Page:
Interpretative exhibit design and lessons about American identity and family culture
Our understanding of history changes over time, and the Civil War is a topic that is as alive as ever at the Confederate Reunion Grounds State Historic Site in Mexia, Texas. Established in 1889 as the Joseph E. Johnston Camp of the United Confederate Veterans at a time when the many veterans and their families were alive and well, the grounds are preserved today as State Historic Site managed by the Texas Historical Commission (THC). After the June 2015 tragedy in Charleston at the famous Bethel AME church when nine parishioners were murdered by a man motivated by racial hatred, the Commission responded to the nationwide debate about the public display of the battle flag of the Confederate States of America by removing the Confederate Flags on display at the Reunion Grounds. What was a straightforward storytelling of local history became part of a national dialogue about a historic flag.
While “rebalancing” the interpretation of this historic landscape it was important to understand the role that it played in the community. Although the American Civil War ended in 1865, Confederate Army veterans were not permitted to gather in large numbers until seceding states re-established local rule in the 1870s. Afterward, hundreds of reunion organizations sprang up across the South to share memories of the war. In Limestone County thousands of people gathered at the Reunion Grounds for annual camp meetings. Over several days, they enjoyed speeches, concerts, and dances while raising funds for families of fallen comrades.
Mexia, Texas, July 1st, 1905 General Orders No. 22
All members of Joe Johnston Camp, No. 94, U. C. V. are hereby commanded to answer to roll call at the Reunion Grounds on Tuesday, July 18th, 1905, at 10 o’clock a.m. provided with four days rations, armed and equipped to have a good time. Leave all cares behind and “turn yourselves loose” for four days.
Excerpted from the Groesbeck Journal, July 6, 1905
The THC originally asked Content•Design Collaborative to develop an interpretative program that showcases the Reunion Grounds’ rich history, but in addition to implementing a program in which the battle flag of the Confederate States can be displayed in a way acceptable to all visitors. Here is how we brought the story to life for residents and tourists.
Unfold the narrative in pieces. Put historic photographs front and center.
We designed and wrote eight graphic panels that guide visitors through place and time along walking trails and picnic areas. We used captivating images, skillfully preserved by THC researchers and archivists, to give visitors a palpable sense of humanity from long ago. This panel explains the history of Old Val Verde, a Civil War-era cannon that Reunion Grounds campers fired to start and end each day. The weapon symbolized a national movement known as Lost Cause, which sought to strengthen camaraderie among Southern veterans and restore the honor of fallen Confederate soldiers. This image might make the 21st-century viewer think of his regional pride, the US military, or perhaps any political cause championed by parade marchers.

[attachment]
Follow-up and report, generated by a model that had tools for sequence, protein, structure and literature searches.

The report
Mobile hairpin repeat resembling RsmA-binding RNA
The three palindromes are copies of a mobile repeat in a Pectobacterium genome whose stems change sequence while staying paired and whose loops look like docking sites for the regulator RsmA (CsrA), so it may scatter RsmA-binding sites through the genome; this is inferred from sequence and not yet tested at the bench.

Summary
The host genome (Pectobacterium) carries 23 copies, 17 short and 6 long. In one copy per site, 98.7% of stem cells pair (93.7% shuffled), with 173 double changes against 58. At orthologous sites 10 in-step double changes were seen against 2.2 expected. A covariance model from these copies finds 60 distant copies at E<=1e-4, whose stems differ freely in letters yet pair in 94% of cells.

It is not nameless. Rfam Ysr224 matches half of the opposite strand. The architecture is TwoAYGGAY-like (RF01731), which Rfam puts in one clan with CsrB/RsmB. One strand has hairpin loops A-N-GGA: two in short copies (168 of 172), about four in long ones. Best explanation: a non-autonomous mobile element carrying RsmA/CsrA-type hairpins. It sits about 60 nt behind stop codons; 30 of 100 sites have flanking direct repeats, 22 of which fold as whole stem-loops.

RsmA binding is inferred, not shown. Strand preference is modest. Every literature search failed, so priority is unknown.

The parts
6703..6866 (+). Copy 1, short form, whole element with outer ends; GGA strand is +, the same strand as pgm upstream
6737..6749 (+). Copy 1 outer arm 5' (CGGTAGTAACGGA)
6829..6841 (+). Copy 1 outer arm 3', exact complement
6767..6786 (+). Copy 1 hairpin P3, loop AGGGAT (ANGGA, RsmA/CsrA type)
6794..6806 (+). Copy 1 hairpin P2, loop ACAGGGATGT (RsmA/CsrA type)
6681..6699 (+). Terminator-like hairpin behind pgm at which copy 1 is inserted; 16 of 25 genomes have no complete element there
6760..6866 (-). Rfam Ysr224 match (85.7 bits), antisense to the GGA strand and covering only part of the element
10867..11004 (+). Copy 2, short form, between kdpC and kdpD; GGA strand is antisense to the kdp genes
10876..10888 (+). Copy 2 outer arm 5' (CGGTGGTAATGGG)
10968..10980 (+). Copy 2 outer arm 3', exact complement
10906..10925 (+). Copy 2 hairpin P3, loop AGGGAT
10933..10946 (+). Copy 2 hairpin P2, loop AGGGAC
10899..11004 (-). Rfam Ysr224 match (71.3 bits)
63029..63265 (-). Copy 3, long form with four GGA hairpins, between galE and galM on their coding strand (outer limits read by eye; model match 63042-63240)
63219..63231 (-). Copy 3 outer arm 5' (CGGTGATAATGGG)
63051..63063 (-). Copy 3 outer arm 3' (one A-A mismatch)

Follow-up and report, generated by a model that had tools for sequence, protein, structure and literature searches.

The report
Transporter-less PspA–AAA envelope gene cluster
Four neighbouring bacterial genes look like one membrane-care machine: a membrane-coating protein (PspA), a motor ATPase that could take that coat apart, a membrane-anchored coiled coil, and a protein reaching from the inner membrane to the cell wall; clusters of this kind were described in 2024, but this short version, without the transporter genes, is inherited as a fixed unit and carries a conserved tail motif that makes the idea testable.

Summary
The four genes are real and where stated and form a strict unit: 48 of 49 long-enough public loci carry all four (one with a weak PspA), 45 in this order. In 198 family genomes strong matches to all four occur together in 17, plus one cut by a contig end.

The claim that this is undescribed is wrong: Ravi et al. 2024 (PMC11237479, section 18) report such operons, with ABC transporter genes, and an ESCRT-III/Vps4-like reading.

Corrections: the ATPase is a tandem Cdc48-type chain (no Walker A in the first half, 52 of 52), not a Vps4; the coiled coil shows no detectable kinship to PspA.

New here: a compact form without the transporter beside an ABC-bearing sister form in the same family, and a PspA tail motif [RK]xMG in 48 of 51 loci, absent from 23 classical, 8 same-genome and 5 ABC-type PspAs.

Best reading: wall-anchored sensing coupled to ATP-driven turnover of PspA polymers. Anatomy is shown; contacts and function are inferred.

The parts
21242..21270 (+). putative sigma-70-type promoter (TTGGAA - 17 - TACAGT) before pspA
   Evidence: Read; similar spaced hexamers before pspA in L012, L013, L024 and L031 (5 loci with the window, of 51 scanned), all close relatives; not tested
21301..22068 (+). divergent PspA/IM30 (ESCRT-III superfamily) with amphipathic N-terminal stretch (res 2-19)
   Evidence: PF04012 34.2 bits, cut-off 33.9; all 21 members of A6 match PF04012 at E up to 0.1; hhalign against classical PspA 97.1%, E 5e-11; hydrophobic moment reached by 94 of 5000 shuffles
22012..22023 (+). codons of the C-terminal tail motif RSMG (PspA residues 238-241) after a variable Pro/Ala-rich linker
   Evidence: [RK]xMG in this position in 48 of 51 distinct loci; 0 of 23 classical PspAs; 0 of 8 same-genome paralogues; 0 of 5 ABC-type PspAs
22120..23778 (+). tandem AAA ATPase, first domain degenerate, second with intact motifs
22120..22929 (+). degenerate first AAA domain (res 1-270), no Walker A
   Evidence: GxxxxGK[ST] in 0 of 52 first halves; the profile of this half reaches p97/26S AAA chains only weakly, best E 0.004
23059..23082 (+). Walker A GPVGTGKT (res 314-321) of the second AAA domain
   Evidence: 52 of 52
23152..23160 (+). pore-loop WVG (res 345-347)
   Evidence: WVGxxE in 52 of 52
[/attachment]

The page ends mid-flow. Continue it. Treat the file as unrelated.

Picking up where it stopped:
Mix and match other visual elements
Few trail walkers will pore over a panel offering dry renditions of facts. Instead, our compositions capture the eye through inset orientation maps, subheads, and photo captions. Here, we explain how the Reunion Grounds experienced a second wave of popularity during the 1920s Oil Boom in nearby Mexia [muh-hay-a]. When oil entrepreneur AJ Humphrey damned the Navasota River to harness water for his oil fields, he transformed the Grounds into a popular swimming area complete with bathhouse, water slide, and footbridge. The Reunion Grounds serves as a historically valuable site which provides visitors with the context in which to understand the very complex issues of the past and the present.
Give a controversial symbol context
Initially, the Reunion Grounds provided a lesson on all the flags flown during the 5-year life of the Confederacy. Few visitors understand that the familiar image of the battle flag was not the official flag of the Confederacy, but only one of many individual army units flags flown by soldiers on both sides of the conflict. The familiar stars and bars pennant was created by the military of northern Virginia but for various reasons became emblematic of the Confederate aspect of the Civil War. Together with the staff of the Commission, we created a graphic display that enabled the staff at the Reunion Grounds to show a total of 14 flags, both Union and Confederate. Visitors now learn about flags such as Hardee Pattern Battle Flag that was inspired by the Irish Full Moon Rebellion of 1778 or how the 1863 United States 34-star flag contained the stars of the Confederate States because they were still considered part of the Union.
Now visitors to the Reunion grounds will not only learn about the famous dance pavilion, a water park on the Navasota River, and the Mexia oil boom, they will get a short lesson in Vexillology, or the study of flags.